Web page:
IMO no... :) basically. The whole point is that XCode has been designed to give you the best experience of programming. If Apple wanted you to physically organise all your files and folders within the actual filesystem then they would have made it that way.

I don't really understand why you would want to organise all the files and folders in this way anyway? It makes no difference to the running of the application and the "fake" folders (groups) in XCode adequately provide the necessary visual aid for yourself (and others) to navigate through your classes and other resources. Organising it correctly in your filesystem (as you have found) surely just makes things more difficult?

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See my above edit for my reasoning. Unfortunately, I'm seeing if I want to use XCode then I just have to say F it and deal with the FUBARed filesystem organization. If I want to dev for the mac, I need to use XCode so, I'll deal I guess... just goes against my 20 years of programming to leave a project folder a massive mess. –  Justin808 Aug 28 '10 at 18:33
    
lol... well times they are a changing (as bob dylan once said). My background is web development where all your images are in the images folder and you have a seperate psd and you save to the images folder when you want to use an image, so here's what I suggest you do: have Development/MyAppProject which has /MyAppProject and /MyAppProjectResources in it. In MyAppProjectResources you have your structured filesystem of PSDs and XMLs and whatever else and when it comes to using them in your acctual app you can either save into /MyAppProject folder or drag and drop the resulting files. –  Thomas Clayson Aug 28 '10 at 21:00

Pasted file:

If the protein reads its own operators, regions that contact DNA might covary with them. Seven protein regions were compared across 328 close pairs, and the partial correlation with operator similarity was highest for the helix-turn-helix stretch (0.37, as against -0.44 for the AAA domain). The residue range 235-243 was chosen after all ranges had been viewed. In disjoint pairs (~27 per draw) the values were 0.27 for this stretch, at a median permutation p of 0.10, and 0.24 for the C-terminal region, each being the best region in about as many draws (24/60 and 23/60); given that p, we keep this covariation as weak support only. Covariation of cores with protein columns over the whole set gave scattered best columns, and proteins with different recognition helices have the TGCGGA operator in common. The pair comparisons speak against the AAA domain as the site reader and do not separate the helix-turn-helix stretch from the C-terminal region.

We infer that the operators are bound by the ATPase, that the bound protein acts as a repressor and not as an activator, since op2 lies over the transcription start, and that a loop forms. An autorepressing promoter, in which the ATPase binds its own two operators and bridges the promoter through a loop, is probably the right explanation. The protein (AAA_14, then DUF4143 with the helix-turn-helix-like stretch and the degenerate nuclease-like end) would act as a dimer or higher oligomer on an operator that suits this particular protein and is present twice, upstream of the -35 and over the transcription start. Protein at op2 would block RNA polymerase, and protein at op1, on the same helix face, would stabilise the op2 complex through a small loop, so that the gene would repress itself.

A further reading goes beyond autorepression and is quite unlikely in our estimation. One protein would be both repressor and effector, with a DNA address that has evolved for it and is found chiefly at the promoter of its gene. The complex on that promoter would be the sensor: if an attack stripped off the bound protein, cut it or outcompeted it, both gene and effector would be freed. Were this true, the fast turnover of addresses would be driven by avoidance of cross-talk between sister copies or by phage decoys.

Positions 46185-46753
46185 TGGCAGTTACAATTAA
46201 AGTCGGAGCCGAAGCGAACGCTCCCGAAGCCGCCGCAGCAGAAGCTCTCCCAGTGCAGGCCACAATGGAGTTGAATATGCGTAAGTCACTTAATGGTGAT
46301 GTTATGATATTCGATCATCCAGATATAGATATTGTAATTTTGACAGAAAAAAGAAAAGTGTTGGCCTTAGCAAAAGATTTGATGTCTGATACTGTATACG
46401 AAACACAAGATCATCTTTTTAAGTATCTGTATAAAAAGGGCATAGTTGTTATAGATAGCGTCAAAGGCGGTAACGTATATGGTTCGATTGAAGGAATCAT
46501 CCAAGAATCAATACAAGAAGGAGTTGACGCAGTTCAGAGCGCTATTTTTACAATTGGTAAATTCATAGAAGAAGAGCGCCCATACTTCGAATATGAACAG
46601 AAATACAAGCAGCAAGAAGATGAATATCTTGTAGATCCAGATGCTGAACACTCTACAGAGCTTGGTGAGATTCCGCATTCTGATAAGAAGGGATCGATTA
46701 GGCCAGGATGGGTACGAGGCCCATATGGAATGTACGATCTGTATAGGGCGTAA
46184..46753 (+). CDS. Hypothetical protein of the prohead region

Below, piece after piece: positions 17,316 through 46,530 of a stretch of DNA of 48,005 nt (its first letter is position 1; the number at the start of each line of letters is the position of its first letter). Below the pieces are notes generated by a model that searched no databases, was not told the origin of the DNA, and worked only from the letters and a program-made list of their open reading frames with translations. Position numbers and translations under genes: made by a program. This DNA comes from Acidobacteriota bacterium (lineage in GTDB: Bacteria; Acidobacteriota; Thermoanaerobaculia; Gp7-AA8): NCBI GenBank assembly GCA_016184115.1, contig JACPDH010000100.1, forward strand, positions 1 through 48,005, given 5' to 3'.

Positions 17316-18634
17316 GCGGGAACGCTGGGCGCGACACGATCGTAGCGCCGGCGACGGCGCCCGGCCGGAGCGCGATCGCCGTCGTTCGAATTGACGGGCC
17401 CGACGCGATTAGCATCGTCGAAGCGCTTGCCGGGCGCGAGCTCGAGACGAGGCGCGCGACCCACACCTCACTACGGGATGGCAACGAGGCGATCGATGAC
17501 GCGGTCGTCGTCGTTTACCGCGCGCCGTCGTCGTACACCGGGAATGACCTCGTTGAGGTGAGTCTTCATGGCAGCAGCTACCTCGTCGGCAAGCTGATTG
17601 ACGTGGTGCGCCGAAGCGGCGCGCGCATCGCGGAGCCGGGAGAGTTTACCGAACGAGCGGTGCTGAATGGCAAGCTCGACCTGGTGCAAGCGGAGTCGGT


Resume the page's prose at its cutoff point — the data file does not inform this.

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The reason that you want to have your files organized is because any external tool--Git or Fireworks, let's say--use the file system. –  Yar Jan 15 '13 at 18:31
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I also wish Xcode automatically kept itself and the file system in sync.

So much so, that I spent an hour doing so manually for a project called acani-iphone on GitHub. Basically, I just moved some of the files around using Finder, creating new folders as I pleased. Then, I switched back to Xcode and saw that the files I just moved were now red (because Xcode was thinking they're where I moved them from and so couldn't find them).

UPDATE: I just figured out that I could've then just clicked on the red group or file, pressed CMD+i (Get Info from the context menu, which you can open by right-clicking on the red file or group), and under the General tab, clicked Choose, then found where I moved the file to in the filesystem. But, I didn't do that, here's what I did instead, which also works: